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These poems reflect the great breadth, beauty, and pain of womanhood and challenge the narrowness of the word’s definition. They trace womanhood’s intersections with class and race, subverting social expectations of the female body and the institution of marriage. And, in doing so, they examine the way that intergenerational trauma imprints on the body and the mind.
In this reading list, alongside other innovative and powerful poems, are 2019 Boston Review Annual Poetry Prize Finalist Rosa Angelica Martinez’s “Paradise Is Burning,” which considers worship and female lineage, and 2019 Poetry Prize semi-finalist K. Avvirin Gray’s “Two Poems” which enliven the ever-present voices of Black abolitionist and women’s rights activist Sojourner Truth and Greek mythological figure Antigone.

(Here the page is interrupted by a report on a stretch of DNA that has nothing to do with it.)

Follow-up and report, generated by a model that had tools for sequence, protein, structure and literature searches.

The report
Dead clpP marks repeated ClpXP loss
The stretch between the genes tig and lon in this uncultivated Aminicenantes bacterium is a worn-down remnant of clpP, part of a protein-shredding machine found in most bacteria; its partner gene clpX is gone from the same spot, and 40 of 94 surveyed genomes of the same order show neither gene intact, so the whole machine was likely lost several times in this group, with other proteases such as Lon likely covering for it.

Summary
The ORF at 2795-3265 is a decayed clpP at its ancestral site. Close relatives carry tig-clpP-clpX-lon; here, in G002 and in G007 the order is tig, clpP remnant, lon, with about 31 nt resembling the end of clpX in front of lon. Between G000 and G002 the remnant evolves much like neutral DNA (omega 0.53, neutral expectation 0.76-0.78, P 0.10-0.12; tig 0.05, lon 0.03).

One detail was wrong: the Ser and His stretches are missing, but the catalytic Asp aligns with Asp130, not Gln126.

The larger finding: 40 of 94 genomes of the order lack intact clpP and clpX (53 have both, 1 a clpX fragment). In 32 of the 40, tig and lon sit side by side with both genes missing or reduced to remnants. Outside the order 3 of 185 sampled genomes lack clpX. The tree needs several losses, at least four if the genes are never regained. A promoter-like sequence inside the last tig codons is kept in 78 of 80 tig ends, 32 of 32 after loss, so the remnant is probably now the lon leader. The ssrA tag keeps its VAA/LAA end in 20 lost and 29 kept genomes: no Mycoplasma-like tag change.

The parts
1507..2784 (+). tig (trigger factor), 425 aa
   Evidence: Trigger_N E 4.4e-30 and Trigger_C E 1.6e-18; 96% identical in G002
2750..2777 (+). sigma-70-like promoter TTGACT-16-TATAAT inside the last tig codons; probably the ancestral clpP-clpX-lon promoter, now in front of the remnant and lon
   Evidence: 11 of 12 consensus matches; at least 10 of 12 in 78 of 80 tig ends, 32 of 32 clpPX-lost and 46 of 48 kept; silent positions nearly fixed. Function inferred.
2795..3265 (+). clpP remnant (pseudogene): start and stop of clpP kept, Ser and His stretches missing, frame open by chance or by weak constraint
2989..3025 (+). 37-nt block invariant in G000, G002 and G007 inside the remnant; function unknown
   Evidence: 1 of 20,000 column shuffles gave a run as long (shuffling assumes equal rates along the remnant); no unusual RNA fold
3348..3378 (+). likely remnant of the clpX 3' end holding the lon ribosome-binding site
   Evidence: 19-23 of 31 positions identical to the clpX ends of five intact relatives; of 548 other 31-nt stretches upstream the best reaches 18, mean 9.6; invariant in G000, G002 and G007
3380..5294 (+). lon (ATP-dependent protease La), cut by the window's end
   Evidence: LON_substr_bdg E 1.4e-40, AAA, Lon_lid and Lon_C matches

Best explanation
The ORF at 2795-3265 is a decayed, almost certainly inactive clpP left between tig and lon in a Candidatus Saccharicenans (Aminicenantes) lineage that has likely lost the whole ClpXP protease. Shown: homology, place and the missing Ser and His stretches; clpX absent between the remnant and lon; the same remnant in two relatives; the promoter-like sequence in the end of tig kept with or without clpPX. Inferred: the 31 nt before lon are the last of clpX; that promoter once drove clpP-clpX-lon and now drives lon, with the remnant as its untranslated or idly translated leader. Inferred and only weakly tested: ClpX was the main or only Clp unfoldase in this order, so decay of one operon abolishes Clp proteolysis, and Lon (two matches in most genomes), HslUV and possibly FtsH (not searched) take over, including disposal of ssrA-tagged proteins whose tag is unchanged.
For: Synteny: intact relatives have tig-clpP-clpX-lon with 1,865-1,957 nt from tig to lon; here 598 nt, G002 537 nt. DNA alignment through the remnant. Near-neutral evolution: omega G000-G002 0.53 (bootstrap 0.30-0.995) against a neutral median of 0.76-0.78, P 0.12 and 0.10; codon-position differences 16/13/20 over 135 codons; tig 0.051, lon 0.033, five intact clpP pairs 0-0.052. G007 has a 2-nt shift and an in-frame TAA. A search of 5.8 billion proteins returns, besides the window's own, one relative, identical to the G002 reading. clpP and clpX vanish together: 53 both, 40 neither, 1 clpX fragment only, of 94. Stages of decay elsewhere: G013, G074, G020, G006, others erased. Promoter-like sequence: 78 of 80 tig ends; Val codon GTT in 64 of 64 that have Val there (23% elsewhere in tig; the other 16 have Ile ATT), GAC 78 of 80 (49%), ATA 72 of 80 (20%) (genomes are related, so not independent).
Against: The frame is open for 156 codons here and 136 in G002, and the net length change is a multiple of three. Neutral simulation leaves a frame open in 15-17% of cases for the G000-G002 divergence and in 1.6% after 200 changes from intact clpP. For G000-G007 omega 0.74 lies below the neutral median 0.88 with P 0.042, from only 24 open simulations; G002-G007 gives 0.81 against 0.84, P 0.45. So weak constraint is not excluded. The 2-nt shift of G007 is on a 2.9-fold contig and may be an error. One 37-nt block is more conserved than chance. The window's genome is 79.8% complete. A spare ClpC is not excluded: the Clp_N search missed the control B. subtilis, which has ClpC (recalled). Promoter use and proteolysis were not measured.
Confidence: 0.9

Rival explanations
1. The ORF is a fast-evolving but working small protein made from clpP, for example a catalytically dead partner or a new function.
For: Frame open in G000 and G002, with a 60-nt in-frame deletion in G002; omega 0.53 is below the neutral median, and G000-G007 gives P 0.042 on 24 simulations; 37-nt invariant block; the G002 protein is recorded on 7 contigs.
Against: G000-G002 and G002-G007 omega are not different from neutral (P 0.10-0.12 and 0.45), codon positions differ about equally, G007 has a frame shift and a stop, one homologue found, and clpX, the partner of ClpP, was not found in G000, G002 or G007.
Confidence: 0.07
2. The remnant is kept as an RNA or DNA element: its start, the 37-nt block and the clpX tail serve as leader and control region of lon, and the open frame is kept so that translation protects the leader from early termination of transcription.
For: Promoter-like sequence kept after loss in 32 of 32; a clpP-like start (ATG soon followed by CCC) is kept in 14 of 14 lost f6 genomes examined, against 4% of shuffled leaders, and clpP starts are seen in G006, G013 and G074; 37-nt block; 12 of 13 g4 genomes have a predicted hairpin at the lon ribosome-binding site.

Together, these works urge us to think about the range of women’s voices in each of our lives, and their resounding power.
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Our well-being depends on a better understanding of how the logic of labor has twisted our relationship with pleasure.
“I was my father’s son. My father was Nai Nai’s least favorite.” A Taiwanese American man, driven from home by a secret, reevaluates his childhood memories of his grandmother.
MacArthur Genius Kelly Lytle Hernández makes the case for why U.S. history only makes sense when told as a binational story.